Get it wrong, and as the term mobile suggests, the consumer’s business can easily move to a competitor who gets it. And they’ll have an app for that too.

Originally published on BPM Redux and lightly edited.

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Categories: BPM, Mobility

Author:Theo Priestley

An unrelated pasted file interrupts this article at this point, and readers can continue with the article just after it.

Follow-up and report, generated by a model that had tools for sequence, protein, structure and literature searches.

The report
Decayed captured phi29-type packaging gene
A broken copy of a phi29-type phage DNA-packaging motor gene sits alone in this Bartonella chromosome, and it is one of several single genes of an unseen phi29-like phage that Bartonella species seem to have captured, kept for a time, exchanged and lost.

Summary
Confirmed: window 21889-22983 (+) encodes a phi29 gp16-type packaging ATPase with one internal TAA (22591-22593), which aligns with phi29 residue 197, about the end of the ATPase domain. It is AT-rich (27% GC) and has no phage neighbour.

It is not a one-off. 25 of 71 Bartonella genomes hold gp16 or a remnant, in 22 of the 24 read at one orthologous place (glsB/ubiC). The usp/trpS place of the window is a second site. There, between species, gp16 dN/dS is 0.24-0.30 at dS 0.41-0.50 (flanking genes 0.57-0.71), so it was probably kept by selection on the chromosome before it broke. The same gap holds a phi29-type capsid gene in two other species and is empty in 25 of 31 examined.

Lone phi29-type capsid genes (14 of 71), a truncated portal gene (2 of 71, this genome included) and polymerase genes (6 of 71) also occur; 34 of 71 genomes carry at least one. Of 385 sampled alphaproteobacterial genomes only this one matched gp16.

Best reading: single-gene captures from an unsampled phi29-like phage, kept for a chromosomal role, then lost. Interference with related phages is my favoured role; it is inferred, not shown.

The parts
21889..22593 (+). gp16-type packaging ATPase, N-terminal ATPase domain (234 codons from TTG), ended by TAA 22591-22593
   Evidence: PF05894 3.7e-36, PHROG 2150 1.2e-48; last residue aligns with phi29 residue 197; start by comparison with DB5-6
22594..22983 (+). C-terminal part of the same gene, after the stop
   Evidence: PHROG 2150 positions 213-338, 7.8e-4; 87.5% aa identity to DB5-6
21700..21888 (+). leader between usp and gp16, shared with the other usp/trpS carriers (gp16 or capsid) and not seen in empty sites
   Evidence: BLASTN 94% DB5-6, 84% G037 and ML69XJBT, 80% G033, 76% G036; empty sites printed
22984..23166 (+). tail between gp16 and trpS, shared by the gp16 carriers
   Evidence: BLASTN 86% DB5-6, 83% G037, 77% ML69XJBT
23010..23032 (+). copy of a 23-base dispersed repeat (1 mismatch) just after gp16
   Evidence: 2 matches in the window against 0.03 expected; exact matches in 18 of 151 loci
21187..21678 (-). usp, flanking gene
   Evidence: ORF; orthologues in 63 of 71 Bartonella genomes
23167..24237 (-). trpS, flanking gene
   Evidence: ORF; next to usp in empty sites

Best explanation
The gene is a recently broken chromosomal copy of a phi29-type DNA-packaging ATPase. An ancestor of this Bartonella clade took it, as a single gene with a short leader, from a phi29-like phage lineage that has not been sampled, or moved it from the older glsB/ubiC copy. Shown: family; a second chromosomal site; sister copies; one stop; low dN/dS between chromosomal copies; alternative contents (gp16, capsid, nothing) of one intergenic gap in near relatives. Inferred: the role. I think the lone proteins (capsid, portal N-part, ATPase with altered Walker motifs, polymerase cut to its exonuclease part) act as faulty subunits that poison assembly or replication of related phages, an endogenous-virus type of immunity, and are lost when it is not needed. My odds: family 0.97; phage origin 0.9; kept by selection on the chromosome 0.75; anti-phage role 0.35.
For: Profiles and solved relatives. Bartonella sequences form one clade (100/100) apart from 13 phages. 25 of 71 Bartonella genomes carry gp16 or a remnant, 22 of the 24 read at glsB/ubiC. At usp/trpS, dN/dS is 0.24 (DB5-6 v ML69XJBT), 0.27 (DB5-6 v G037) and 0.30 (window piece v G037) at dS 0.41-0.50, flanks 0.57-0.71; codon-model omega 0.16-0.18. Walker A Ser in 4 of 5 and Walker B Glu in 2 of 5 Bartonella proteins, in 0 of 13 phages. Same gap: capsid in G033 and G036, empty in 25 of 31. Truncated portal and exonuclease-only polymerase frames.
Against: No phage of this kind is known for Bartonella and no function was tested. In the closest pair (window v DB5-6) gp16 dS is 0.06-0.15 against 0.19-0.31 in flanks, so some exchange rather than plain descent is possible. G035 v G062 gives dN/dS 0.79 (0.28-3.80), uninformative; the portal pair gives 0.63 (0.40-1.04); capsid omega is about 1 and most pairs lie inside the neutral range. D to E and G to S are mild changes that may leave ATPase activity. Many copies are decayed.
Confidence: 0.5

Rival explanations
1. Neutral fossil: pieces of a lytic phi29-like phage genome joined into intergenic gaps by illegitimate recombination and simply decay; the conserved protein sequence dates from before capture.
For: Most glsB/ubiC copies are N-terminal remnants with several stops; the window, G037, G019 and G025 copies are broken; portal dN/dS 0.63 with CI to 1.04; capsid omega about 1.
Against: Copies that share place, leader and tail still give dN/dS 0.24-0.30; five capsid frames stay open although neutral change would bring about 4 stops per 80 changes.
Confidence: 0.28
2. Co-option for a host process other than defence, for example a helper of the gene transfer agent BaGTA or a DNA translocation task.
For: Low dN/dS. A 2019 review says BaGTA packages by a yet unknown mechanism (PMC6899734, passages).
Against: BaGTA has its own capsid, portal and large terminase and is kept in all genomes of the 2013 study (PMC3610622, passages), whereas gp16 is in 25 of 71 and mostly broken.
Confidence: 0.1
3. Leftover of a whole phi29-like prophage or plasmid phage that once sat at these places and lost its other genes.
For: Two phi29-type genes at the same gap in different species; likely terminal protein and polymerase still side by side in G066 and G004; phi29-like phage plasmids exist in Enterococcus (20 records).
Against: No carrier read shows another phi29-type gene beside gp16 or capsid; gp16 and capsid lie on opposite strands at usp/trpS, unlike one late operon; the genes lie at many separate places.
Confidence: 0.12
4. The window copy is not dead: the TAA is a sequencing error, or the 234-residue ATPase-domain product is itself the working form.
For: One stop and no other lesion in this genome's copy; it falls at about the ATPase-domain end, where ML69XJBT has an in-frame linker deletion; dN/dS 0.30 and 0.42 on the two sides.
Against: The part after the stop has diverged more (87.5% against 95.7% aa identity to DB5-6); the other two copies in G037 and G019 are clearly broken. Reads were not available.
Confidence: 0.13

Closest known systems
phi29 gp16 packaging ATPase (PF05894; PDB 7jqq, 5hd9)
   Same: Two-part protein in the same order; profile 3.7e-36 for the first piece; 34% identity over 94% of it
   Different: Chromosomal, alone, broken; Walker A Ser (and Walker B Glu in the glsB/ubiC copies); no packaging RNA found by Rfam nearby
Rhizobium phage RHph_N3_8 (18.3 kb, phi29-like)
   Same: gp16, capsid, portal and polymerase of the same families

"I had more creative ideas from Theo in 6 months than I have had in 6 years from most people." Theo Priestley is one of the most recognised independent technology industry influencers and evangelists, ranking in the Top 100 thought leaders across Virtual/ Augmented Reality, FinTech, Artificial Intelligence, Big Data, Internet of Things and future trends. Theo has written insights for Forbes, Wired, The European Magazine, Venturebeat to name a few, and has been interviewed for many online publications including the BBC on his thoughts on technology and the future. A regular paid keynote speaker and panelist at conferences and events, Theo is engaged for his forthright views and isn't afraid to challenge conventional thinking and the marketing hype surrounding the industry when presenting, never pulling punches to get the message across on how technology can be applied to improve business and the customer experience. He has also successfully organised and run TEDx and Ignite events. Highly active across social networks, he sits in the Top 1% for social media engagement on Kred and Klout and is constantly sharing articles and his analysis that he feels his audience would be interested in. Theo is also active in the startup community, mentoring within UK and US accelerators and sits on a number of advisory boards. Former VP and Chief Technology Evangelist at a Top 25 European enterprise software company with a career spanning both innovation strategy and delivery of software and business change in Financial Services, and as an independent technology industry analyst. Follow Theo on Twitter @tprstly or connect here directly for constant insights on tech and marketing trends. • Top 1% Influencer on Kred (915) • Top 1% Influencer on Klout (70+) • 12,000+ Followers on LinkedIn • 13,000+ Followers on Twitter • Recognised Top Influencer in AI, Virtual/ Augmented Reality, Fintech, IOT and Wearable Tech, Big Data and Analytics.